The court next considered when the employee's family's causes of action accrued. Analogizing to the Supreme Court's decision in Neel, which first adopted the discovery rule for attorney malpractice, the court concluded the discovery rule similarly applied where a defendant held itself out as specially qualified in a trade. “It was incidentally pointed out in Neel v. Magana, etc., supra, (6 Cal.3d, p. 188, fn. 21, 98 Cal.Rptr. 837, 491 P.2d 421), that the same duty of care applicable to a ‘profession’ is required where one undertakes to render services in the practice of a ‘trade.’ (Italics added.) Reference was there made to Restatement Second of Torts section 299A, stating: ‘Unless he represents that he has greater or less skill or knowledge, one who undertakes to render services in the practice of a profession or trade is required to exercise the skill and knowledge normally possessed by members of that profession or trade in good standing in similar communities.’ (And see Roscoe Moss Co. v. Jenkins, supra, 55 Cal.App.2d 369, 376, 130 P.2d 477.)” 39
Because Bekins Wide World Services held itself out as “qualified and equipped” to pack and ship articles of personal property around the world, the court concluded the discovery rule applied equally to this service oriented trade as it did to attorney malpractice.40
These same considerations are present in the home inspection context as well. For many people, purchasing a residence is the single biggest investment they make in their lives. Most want as much information as possible about a property before purchasing. However, few have the knowledge or experience necessary to fully analyze the quality of a home's structure, systems or components themselves. Fewer still are also structural engineers, general contractors, electrical contractors or the like. It is precisely because most people lack the necessary skills to recognize potential defects on their own that prospective homeowners hire a home inspection company in the first instance. For a fee they entrust this responsibility to a person who represents he has sufficient knowledge, skill and expertise to discover and report on the material defects in a given property. These potential homeowners look to the professional to guide and inform their choice about a given residence, not only to learn of existing material defects, but also about other potentially serious flaws which require further investigation. However, because most people are ill equipped to know whether the home inspector in fact discovered and reported all the material defects with the home, most homeowners will not recognize a problem has been overlooked, or noticed but not reported, until something goes wrong and the damage becomes apparent. Needless to say, a faulty home inspection can have disastrous financial consequences for many homeowners.
For this reason the Legislature in 1996 adopted legislation to govern the standard of care and practices for the home inspection industry “to assure that consumers of home inspection services can rely upon the competence of home inspectors.” 41 To this end the Legislature adopted a standard of care applicable to home inspectors not otherwise licensed in a related trade. Section 7196 of the Business and Professions Code provides: “It is the duty of a home inspector who is not licensed as a general contractor, structural pest control operator, or architect, or registered as a professional engineer to conduct a home inspection with the degree of care that a reasonably prudent home inspector would exercise.” In the event the home inspector is licensed in one of these fields, and acts in that capacity, then he or she is bound to use the degree of skill and knowledge as is required of those professions or trades in conducting the home inspection.42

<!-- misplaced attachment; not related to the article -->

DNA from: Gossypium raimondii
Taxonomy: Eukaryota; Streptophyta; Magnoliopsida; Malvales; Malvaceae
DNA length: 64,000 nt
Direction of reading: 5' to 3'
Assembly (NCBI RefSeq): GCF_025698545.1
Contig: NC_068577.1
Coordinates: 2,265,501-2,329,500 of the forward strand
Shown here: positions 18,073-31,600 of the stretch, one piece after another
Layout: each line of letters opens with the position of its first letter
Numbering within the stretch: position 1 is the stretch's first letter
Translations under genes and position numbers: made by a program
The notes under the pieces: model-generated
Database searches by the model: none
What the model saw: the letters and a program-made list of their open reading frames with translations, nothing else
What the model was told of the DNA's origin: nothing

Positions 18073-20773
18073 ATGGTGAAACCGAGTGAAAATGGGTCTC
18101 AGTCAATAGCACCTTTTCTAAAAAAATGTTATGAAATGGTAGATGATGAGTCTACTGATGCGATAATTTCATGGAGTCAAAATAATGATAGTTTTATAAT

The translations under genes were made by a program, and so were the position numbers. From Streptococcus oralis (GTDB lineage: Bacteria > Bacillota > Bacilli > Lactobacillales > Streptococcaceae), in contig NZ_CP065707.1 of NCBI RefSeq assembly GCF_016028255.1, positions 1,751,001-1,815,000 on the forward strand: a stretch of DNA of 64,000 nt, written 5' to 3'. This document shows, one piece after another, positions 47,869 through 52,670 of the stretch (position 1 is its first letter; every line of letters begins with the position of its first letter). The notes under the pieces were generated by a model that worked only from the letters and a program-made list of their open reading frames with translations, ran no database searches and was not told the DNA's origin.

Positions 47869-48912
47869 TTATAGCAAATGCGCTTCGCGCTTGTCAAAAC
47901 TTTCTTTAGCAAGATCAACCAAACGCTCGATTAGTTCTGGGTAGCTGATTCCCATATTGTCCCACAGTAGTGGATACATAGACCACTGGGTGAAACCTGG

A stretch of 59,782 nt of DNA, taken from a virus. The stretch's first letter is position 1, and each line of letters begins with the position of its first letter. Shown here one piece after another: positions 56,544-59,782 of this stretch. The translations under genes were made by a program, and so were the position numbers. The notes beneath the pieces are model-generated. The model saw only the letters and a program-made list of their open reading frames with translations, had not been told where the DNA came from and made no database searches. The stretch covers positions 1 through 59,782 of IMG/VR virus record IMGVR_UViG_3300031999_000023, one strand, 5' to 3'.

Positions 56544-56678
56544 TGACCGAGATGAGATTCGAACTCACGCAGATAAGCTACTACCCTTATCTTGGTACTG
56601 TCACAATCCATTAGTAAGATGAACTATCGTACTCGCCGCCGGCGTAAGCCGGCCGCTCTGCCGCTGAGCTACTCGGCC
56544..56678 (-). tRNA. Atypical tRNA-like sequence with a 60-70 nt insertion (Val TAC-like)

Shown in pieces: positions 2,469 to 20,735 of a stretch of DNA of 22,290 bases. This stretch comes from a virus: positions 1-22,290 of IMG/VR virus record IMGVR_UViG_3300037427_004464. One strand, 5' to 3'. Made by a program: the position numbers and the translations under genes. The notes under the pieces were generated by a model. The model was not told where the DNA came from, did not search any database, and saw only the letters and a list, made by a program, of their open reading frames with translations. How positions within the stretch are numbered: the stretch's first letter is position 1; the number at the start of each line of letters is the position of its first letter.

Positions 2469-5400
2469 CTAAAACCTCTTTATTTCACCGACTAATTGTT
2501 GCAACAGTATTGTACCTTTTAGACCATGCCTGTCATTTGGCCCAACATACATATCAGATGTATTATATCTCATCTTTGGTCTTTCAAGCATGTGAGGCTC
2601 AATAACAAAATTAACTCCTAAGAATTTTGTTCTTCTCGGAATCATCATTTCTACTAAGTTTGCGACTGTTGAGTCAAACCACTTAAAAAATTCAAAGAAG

In short, situations involving home inspectors share many characteristics with those involving other professionals in which delayed accrual has been recognized as appropriate and necessary. Although not as regulated as some fields, the Legislature has recognized the significance of the role home inspectors occupy in this state's economy,43 as well as the potential hazards of fraudulently or negligently performed inspections.44 As with other forms of professional malpractice, specialized skill is required to analyze a residence's structural and component parts. Because of the hidden nature of these systems and components a potential homeowner may not see or recognize a home inspector's negligence, and thus may not understand he has been damaged until long after the inspection date. This fact, coupled with the trust the potential homeowners must necessarily place in the professional home inspector, compel the conclusion causes of action for breach of a home inspector's duty of care should accrue in all cases, not on the date of the inspection, but when the homeowner discovers, or with the exercise of reasonable diligence should have discovered, the inspector's breach.